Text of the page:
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78pc of millennials want mobile options when picking a bank: report

April 17, 2014


How to target the millennial mobile banker

Banks and financial institutions looking to lure in millennials need to go beyond the basic requirements of mobile banking to also include personalized rewards and financial help, according to a new study from BancVue.

BancVue’s “Consumer Banking Insights” study looks at how millennials differ from older generations in terms of mobile banking. The results from roughly 1,000 United States adults aged 18 or older and indicate that while big banks are nailing some of the essentials with mobile banking, there is room for improvement with features that specifically target tech-savvy millennials.

“In almost all cases, banking apps allow you to bank, but not evaluate your broader financial goals if you have multiple accounts or debt holdings in other areas,” said Keith Brannan, chief marketing officer at BancVue, Austin, TX.

“A banking app is about banking, but the experience a millennial desires is often about their broader financial impact,” he said. “They want to know their bank or credit union understands them and they want products that allow them to engage on their terms.”

Bank on mobile
BancVue’s report breaks out three demographics: Millennials aged 18-34, 35-44 year olds and consumers aged 55 years or older.

Compared to the 78 percent of millennial consumers who look for mobile banking, 66 percent of 35-54 year olds and 44 percent of consumers aged 55 or older rate mobile as important when deciding on a bank.

These percentages shoot up even more when looking at online banking broadly. A whopping 94 percent of millennials said that online banking was important in choosing a financial institution compared to the 85 percent of consumers between the ages of 35 and 44.

Cash back options also resonate strongly with younger consumers. Eighty-eight percent of millennials were swayed by cash-back options from their bank versus 74 percent of mid-age consumers, and 67 percent of the older demographic.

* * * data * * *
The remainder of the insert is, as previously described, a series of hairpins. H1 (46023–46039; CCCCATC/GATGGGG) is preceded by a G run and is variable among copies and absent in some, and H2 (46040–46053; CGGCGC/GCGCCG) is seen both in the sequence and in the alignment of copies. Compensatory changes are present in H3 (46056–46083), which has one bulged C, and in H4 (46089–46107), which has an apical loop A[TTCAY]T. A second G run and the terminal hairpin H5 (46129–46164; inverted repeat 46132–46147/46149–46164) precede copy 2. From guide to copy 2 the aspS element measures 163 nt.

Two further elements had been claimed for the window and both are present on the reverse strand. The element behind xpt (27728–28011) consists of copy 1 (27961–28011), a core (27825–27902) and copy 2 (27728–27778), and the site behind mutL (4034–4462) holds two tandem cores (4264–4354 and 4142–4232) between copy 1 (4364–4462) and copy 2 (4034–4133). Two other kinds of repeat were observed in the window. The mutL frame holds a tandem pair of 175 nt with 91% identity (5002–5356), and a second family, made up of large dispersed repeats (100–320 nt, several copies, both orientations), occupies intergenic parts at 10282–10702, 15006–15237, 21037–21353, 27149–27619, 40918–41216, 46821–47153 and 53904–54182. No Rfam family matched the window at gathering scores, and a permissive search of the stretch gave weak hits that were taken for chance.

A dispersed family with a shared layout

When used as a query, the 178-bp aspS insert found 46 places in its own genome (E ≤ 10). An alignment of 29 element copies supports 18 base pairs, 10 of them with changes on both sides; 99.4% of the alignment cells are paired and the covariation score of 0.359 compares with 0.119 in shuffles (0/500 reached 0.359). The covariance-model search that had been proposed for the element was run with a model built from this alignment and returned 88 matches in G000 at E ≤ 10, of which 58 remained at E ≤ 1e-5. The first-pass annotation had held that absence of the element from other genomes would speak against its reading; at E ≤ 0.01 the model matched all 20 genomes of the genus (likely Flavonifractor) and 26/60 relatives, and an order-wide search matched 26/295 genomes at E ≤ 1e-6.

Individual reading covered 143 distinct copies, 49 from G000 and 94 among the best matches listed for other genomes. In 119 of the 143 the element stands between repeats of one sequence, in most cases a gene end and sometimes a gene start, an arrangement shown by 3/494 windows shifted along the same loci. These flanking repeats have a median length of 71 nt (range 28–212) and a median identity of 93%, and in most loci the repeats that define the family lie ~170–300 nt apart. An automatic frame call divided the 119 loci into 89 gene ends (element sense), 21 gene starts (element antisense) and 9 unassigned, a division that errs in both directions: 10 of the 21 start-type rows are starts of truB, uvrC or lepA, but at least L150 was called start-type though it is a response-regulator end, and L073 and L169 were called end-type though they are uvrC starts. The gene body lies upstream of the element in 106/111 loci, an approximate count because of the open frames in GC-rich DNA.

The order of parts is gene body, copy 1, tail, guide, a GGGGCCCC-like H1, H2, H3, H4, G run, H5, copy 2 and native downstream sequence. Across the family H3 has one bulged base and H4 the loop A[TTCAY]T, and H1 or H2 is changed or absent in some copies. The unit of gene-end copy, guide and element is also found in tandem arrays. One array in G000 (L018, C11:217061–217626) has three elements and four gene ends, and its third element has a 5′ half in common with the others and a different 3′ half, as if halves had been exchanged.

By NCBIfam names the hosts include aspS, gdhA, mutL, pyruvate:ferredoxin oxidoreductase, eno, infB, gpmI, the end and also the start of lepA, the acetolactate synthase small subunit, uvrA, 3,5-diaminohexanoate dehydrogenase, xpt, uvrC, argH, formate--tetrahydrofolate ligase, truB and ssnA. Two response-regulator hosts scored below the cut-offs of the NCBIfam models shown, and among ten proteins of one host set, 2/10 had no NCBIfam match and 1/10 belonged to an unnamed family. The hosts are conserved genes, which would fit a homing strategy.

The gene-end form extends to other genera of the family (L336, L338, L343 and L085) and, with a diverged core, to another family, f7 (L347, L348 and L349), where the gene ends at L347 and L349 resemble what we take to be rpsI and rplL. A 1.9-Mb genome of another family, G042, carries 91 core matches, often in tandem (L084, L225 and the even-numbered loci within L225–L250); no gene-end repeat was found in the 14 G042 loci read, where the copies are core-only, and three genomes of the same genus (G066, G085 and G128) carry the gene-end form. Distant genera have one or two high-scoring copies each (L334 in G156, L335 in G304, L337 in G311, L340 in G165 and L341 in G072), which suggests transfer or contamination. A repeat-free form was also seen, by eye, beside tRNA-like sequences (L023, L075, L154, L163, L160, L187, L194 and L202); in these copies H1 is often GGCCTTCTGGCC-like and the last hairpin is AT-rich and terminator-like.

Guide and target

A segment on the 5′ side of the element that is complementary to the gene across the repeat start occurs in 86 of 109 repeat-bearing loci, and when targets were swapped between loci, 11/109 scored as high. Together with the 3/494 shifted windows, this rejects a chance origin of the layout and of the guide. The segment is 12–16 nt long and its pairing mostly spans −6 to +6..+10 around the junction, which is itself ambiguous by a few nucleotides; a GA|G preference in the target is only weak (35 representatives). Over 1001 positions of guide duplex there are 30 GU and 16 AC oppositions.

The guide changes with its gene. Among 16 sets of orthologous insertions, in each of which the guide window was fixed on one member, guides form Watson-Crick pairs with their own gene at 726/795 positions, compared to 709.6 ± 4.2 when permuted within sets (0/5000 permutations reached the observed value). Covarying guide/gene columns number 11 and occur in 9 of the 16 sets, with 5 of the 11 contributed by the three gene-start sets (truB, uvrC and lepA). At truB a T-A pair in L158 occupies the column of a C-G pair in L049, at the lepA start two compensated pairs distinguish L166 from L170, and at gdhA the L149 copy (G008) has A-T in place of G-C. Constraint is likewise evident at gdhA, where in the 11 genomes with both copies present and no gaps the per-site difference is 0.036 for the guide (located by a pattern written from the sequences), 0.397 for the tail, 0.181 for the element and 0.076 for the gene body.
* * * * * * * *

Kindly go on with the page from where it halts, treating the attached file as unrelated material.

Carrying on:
Unsurprisingly, brand image is also more important to millennials than other generations when it comes to mobile banking. Eighty-one percent of millennials cited recognizable brand name as at least somewhat important compared to the group of consumers aged 35-54 years old.

Millennials also expect for their mobile experiences with banks to be personalized and customized.

Eighty-six percent of Gen-Y consumers surveyed also said that customizable rewards were important to them, which is up from the 73 percent of mid-aged group who said the same. Sixty-seven percent of older consumers said that personalized deals were important to them.

Mobile POS growth is strong

Digital differences
Across all age groups, 28 percent of megabank — or a major bank — clients rated mobile banking as important. This is up significantly from the 15 percent of consumers with a bank account from a community financial institution — or CFI — who said the same.

ATM access was rated as important by 84 percent of megabank consumers compared to 67 percent of CFI bankers.

The study backs up the fact that while big financial brands have been quick to embrace mobile to keep up with consumers’ growing expectations, the shift from physical to digital banking has been slower for credit unions and smaller banks.

As millennials increasingly become more financially independent, smaller banks will need to step up their mobile initiatives significantly to stay relevant to this group.

Twenty-three percent of Gen-Y consumers who have a checking account outside of a CFI believe that CFIs do not offer the same benefits that they already receive.

According to Mr. Brannan, financial companies could take a lesson from Amazon on how to better serve millennial mobile bankers. Amazon’s live support help on its Kindle Fire tablets connects consumers directly to help, which matches up with millennials’ expectations to immediately connect with brands whenever they want.

“In the past, younger consumers have typically followed their parent’s guidance in opening their first bank account,” Mr. Brannan said.

“These days, a lot is shifting, and millennials tend to follow advice of new groups outside of parents,” he said. “Going forward, we see banks making it easier and easier for consumers to go from assessment to account opening immediately.”

Final Take
Lauren Johnson is associate reporter on Mobile Commerce Daily, New York

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